Chatting with the man next to me at last week’s concert, I heard about the Surf Capital of Australia–Torquay. We were told about the wonderful beaches and gorgeous coastal drive. Much as we enjoy Melbourne’s gigantic bay, we had wanted to get out to the ocean, and were convinced. My new friend admitted he was not unbiased, having grown up in Torquay. He lobbied for us to drive at least the portion of the Great Ocean Road from Torquay to Lorne. So we did.
What beautiful scenery, beaches, rocks, surfers! Torquay beach was full of surfers and surfing students, even on an overcast day. Shops focus on surf and swimming gear, surfboards and paddleboards are piled up on the sidewalk, strapped to the roof of cars and stuck into the sand.
After Torquay, we stopped at Bell’s Beach, famous for the climax scene in the film Point Break, despite the scene being filmed elsewhere. It’s a series of coves with waves of different sizes at different times depending on wind and weather. We asked a guy with a surfboard whether waves were larger on incoming or outgoing tide and it took him ten minutes to say, “It depends.” (With greater detail.)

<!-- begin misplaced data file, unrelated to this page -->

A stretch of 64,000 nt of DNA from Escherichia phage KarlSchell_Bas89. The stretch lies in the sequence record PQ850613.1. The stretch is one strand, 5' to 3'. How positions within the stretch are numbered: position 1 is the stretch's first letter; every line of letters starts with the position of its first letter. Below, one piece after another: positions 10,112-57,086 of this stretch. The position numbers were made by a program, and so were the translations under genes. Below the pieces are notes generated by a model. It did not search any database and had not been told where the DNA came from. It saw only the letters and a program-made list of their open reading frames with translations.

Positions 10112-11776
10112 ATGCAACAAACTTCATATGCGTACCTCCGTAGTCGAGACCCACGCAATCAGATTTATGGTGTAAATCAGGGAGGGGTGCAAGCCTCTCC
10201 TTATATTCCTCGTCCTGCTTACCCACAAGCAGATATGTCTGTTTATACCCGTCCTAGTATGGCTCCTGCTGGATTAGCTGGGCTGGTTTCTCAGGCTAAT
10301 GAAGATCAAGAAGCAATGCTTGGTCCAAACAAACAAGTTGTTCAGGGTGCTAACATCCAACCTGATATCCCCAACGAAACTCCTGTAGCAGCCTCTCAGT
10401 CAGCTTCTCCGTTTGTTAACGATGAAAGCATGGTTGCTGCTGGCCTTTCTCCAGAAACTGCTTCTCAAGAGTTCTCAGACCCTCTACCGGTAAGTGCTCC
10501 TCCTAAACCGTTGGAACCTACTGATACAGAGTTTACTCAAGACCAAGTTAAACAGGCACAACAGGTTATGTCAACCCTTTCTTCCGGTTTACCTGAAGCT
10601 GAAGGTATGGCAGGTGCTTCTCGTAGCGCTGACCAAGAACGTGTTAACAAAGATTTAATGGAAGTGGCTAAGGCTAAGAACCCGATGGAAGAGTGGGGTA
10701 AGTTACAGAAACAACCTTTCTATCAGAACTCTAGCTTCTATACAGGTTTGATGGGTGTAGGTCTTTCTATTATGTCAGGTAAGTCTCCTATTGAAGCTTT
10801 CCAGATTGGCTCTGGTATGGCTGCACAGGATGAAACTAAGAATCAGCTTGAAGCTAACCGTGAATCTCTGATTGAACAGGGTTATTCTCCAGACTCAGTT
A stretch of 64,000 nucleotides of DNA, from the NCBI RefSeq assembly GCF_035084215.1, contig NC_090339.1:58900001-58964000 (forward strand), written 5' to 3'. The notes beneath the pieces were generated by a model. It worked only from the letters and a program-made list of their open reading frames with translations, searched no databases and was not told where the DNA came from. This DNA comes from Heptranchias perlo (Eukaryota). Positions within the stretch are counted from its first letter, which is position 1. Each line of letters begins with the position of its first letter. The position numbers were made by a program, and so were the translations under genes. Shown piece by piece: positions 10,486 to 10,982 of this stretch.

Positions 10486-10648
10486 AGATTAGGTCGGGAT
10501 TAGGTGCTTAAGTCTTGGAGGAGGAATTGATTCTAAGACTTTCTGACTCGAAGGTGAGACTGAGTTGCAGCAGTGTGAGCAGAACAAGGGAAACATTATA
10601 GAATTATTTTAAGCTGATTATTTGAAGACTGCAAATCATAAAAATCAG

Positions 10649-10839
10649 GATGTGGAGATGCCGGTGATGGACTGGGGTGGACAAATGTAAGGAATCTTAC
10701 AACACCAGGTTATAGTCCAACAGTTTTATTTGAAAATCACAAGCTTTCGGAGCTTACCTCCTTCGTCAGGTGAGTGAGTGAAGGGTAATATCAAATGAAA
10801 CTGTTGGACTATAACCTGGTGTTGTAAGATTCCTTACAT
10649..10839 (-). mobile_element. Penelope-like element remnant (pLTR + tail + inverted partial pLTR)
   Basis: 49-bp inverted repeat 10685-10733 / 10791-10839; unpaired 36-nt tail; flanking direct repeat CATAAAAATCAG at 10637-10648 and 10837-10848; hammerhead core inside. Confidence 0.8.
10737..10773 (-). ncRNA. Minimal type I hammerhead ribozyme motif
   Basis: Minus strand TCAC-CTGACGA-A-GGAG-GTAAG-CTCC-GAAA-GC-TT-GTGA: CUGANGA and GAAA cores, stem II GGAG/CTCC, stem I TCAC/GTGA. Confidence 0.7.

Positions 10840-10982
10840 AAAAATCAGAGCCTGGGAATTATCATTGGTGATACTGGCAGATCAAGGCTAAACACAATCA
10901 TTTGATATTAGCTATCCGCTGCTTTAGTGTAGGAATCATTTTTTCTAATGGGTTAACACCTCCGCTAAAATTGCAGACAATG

None of our stops beyond Bell’s Beach were in the guidebook, despite being glorious beaches with shelving rock and sandy shores. Roadknight Point has eroded rock that looks like ancient ruins, another version of the Library at Ephesus. Or perhaps a pair of giant twins.
For sustenance, we stopped at the well-publicized Chocolaterie for ice cream. They have many unusual flavors and a parking lot big enough for thirty tour buses. We were happy to be there on a quiet afternoon. We stopped for the night in Lorne, a beach town with it’s own surf school. At dinner, the young Frenchman who waited on us is at the end of his two-year stay in Australia. He told us of his travels around Australia and recommended the Koala Cafe, “just a little further down the road.” The koalas and parrots in the trees there were irresistible to us. The next morning we agreed that we’d get to the Koala Cafe and then turn back. We did see one koala “in the wild” that was every bit as interesting as the caged koalas we’ve seen–asleep with its back to us. The parrots were a different story. Despite all the signs forbidding visitors to feed them, tour guides pulled out containers of bird seed and filled the hands of all their charges. We benefited from seeing King parrots and rosellas up close.
It would be easy to spend the next two weeks making our way along the remaining 350 kilometers of the Great Ocean Road.